- Extra patrol
- Crime prevention suggestions
If any of your property was taken by the police as evidence or recovered during an investigation, and it is not contraband, it can be returned to you as soon as it is no longer needed for evidentiary purposes. Before coming to pick up your property, we request that you call the evidence custodian to make an appointment for all property releases.
Arrest Information and Reports
To get a copy of your case report call CU Police Records at 303-492-5115.
Defendant’s Release from Jail
If an arrest was made and you would like to be informed of the suspect’s release from jail or juvenile detention, we must ask you to call the Boulder County Jail and inform them that you wish to be notified of their release. You must make sure that the jail has your current address and phone number and is made aware of any changes. If the suspect is being held in another jail you should contact the appropriate agency with this request.
The Boulder County District Attorney’s Office will inform you of future court dates and legal proceedings.
CU Police Dispatch 303-492-6666
Boulder Police Dispatch 303-441-3333
Boulder Sheriff Dispatch 303-441-4444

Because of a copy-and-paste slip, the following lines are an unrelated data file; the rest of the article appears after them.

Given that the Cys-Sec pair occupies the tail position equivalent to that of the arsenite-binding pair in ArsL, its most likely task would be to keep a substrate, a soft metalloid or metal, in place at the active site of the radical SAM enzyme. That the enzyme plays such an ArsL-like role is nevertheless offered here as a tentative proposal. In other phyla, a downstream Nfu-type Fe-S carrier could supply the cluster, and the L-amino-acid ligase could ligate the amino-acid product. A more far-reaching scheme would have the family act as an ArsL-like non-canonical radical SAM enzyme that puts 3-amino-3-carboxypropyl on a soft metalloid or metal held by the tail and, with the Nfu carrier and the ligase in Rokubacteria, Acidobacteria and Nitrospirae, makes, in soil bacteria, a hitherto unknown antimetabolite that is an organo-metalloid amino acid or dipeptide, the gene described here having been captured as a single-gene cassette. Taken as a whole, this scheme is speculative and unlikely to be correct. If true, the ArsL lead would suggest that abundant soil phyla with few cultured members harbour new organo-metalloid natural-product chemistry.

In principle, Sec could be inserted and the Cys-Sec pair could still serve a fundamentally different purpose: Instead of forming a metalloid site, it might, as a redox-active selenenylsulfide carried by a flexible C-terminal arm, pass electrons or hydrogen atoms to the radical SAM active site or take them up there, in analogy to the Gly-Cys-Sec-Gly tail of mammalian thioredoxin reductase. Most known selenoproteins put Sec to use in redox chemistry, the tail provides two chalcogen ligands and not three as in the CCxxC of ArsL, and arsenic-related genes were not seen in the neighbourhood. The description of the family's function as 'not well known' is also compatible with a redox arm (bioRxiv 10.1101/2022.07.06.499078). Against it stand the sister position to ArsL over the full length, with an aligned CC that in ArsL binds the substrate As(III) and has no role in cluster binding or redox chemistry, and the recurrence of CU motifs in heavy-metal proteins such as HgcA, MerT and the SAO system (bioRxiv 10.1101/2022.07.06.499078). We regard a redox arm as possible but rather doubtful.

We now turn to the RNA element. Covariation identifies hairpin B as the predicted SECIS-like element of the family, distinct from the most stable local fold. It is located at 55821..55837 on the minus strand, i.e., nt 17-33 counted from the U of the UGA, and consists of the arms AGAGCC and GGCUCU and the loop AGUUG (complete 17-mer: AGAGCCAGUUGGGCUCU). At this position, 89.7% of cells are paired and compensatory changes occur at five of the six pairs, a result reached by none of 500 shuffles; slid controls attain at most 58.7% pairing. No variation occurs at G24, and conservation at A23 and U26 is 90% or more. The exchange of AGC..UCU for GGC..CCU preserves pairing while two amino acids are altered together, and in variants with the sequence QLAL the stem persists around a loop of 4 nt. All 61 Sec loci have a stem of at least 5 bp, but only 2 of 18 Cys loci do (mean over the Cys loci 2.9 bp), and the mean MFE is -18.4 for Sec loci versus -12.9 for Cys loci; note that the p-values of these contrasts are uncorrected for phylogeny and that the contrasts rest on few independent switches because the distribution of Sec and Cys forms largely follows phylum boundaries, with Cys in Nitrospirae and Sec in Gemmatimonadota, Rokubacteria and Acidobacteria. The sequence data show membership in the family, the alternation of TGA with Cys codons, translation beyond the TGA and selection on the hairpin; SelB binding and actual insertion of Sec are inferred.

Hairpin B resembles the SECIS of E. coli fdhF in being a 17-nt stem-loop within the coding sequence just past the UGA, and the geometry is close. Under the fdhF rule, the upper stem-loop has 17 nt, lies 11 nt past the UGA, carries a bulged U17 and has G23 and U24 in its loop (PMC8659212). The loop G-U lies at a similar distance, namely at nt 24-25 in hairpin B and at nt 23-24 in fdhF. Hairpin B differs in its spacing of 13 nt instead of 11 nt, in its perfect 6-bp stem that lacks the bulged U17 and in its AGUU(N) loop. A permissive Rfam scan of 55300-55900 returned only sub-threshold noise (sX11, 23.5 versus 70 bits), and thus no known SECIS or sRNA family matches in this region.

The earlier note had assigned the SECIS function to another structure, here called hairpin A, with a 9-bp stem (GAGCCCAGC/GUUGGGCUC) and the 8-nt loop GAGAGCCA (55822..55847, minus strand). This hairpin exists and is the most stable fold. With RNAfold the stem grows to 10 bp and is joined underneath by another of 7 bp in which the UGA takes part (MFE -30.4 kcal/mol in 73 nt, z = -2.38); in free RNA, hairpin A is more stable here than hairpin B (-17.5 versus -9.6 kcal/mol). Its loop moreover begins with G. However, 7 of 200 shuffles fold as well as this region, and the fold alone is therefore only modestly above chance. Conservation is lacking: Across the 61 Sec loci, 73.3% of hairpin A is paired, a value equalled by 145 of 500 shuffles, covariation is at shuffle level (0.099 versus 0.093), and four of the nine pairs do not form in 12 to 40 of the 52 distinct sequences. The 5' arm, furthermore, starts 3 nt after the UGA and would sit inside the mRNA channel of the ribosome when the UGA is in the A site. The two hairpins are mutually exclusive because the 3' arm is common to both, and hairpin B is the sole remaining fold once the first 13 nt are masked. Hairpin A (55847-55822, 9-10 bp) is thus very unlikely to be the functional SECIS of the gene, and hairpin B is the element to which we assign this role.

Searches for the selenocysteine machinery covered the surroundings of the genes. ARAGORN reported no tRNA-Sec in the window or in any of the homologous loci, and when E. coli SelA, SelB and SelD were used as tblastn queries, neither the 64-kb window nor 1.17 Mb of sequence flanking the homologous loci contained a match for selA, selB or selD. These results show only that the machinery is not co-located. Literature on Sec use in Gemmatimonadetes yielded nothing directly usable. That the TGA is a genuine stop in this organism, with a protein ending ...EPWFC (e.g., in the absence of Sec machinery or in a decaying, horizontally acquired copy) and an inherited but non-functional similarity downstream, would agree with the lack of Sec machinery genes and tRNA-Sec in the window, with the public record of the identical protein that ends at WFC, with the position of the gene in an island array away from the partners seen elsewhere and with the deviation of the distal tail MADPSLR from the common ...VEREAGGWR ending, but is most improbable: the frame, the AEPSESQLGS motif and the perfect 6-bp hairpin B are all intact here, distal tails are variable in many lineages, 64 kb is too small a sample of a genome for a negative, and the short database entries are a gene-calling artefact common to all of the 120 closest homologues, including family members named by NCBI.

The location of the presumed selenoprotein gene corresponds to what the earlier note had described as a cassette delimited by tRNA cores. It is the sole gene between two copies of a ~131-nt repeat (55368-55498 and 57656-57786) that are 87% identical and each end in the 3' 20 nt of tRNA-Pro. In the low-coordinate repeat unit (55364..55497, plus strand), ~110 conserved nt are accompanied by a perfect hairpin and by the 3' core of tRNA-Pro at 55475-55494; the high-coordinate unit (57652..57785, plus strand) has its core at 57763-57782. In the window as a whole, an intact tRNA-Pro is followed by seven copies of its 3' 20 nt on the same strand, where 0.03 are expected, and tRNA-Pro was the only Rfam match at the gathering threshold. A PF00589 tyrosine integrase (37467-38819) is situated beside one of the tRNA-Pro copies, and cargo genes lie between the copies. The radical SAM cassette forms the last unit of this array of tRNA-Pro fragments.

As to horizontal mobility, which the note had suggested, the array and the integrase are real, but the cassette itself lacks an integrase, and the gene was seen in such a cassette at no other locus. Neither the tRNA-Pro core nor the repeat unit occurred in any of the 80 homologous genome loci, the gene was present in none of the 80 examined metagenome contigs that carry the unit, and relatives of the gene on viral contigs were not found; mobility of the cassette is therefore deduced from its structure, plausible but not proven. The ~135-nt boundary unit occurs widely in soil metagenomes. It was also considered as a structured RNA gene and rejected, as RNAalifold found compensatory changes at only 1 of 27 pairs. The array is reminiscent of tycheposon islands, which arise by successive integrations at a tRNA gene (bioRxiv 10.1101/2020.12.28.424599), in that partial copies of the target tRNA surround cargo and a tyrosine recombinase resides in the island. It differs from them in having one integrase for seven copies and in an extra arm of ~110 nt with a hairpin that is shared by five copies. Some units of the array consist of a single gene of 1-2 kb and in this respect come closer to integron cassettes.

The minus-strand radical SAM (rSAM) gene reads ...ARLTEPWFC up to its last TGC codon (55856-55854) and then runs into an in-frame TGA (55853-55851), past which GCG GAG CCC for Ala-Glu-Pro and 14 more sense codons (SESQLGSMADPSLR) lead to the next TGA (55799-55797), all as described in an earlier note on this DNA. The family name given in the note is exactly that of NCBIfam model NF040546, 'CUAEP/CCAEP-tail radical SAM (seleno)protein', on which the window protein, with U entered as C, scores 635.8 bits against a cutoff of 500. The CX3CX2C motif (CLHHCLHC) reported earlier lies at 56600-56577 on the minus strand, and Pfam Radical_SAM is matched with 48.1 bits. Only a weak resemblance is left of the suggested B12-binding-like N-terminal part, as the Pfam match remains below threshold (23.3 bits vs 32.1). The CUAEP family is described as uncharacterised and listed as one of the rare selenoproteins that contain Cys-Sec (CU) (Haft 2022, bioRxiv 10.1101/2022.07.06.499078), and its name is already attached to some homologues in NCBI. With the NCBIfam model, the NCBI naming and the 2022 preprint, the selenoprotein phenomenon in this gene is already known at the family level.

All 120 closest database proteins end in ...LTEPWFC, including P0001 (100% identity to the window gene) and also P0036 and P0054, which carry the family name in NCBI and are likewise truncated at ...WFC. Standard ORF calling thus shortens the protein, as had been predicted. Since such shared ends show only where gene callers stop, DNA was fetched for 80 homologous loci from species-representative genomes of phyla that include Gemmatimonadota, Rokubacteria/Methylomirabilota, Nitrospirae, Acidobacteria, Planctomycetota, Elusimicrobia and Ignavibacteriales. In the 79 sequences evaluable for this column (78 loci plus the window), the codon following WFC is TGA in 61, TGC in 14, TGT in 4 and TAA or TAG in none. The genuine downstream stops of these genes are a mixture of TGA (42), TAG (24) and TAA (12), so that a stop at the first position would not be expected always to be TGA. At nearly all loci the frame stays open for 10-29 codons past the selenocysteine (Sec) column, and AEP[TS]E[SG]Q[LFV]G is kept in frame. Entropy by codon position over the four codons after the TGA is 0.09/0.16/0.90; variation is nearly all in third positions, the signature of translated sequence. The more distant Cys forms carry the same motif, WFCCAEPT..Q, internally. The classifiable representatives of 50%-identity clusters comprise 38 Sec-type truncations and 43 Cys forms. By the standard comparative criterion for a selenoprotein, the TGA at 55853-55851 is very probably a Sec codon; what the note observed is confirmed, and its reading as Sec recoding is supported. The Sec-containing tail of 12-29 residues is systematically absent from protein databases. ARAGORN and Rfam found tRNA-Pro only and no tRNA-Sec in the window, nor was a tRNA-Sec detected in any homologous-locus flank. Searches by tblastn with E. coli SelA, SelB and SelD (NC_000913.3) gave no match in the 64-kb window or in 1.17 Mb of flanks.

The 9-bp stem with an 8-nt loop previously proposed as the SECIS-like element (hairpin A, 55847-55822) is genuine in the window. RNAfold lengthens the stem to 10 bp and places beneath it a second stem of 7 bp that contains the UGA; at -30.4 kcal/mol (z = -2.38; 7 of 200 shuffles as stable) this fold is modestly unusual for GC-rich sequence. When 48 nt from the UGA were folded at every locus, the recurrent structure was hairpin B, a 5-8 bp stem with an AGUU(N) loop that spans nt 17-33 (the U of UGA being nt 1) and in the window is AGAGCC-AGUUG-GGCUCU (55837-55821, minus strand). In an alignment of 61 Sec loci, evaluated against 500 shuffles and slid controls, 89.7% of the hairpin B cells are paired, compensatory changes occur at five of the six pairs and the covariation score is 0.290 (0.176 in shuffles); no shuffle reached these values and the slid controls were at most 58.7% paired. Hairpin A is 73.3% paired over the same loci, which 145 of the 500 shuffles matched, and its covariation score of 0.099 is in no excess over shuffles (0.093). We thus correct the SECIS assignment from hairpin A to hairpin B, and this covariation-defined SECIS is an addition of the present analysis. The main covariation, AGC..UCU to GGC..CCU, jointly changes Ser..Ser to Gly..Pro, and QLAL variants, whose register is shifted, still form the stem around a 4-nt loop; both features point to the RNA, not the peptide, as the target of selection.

CU Victim Assistance 303-492-8855
CU Counseling Services 303-492-6766
Mental Health Crisis Line 303-447-1665
Boulder County Sheriff’s Victim Advocates 303-441-3656
Safehouse Progressive Alliance 303-449-8623
MESA (Moving to End Sexual Assault) 303-443-7300
Boulder County Social Services 303-441-1000
Boulder County Hospice 303-449-7740
Alcohol Recovery Center (ARC) 303-441-1281
Emergency Family Assistance 303-442-3042
Boulder County Jail-Booking 303-441-4650
Boulder Juvenile Detention Center 303-441-3978
Boulder County District Attorney’s Office 303-441-3700
Boulder County Coroner’s Office 303-441-3535
Boulder Community Hospital 303-440-2273
TDD Numbers Available Upon Request
Questions Regarding Your Rights
If you have any questions or concerns regarding your rights as a victim, call the University of Colorado Office of Victim Assistance at 303-492-8855 or the District Attorney Victim/Witness director at 303-441-3700.
If all local efforts to obtain your rights have failed, you may request assistance from the Governor’s Victims’ Coordinating Committee. For additional information call the Office for Victims’ Programs at the Colorado Division of Criminal Justice in Denver at 303-239-4442.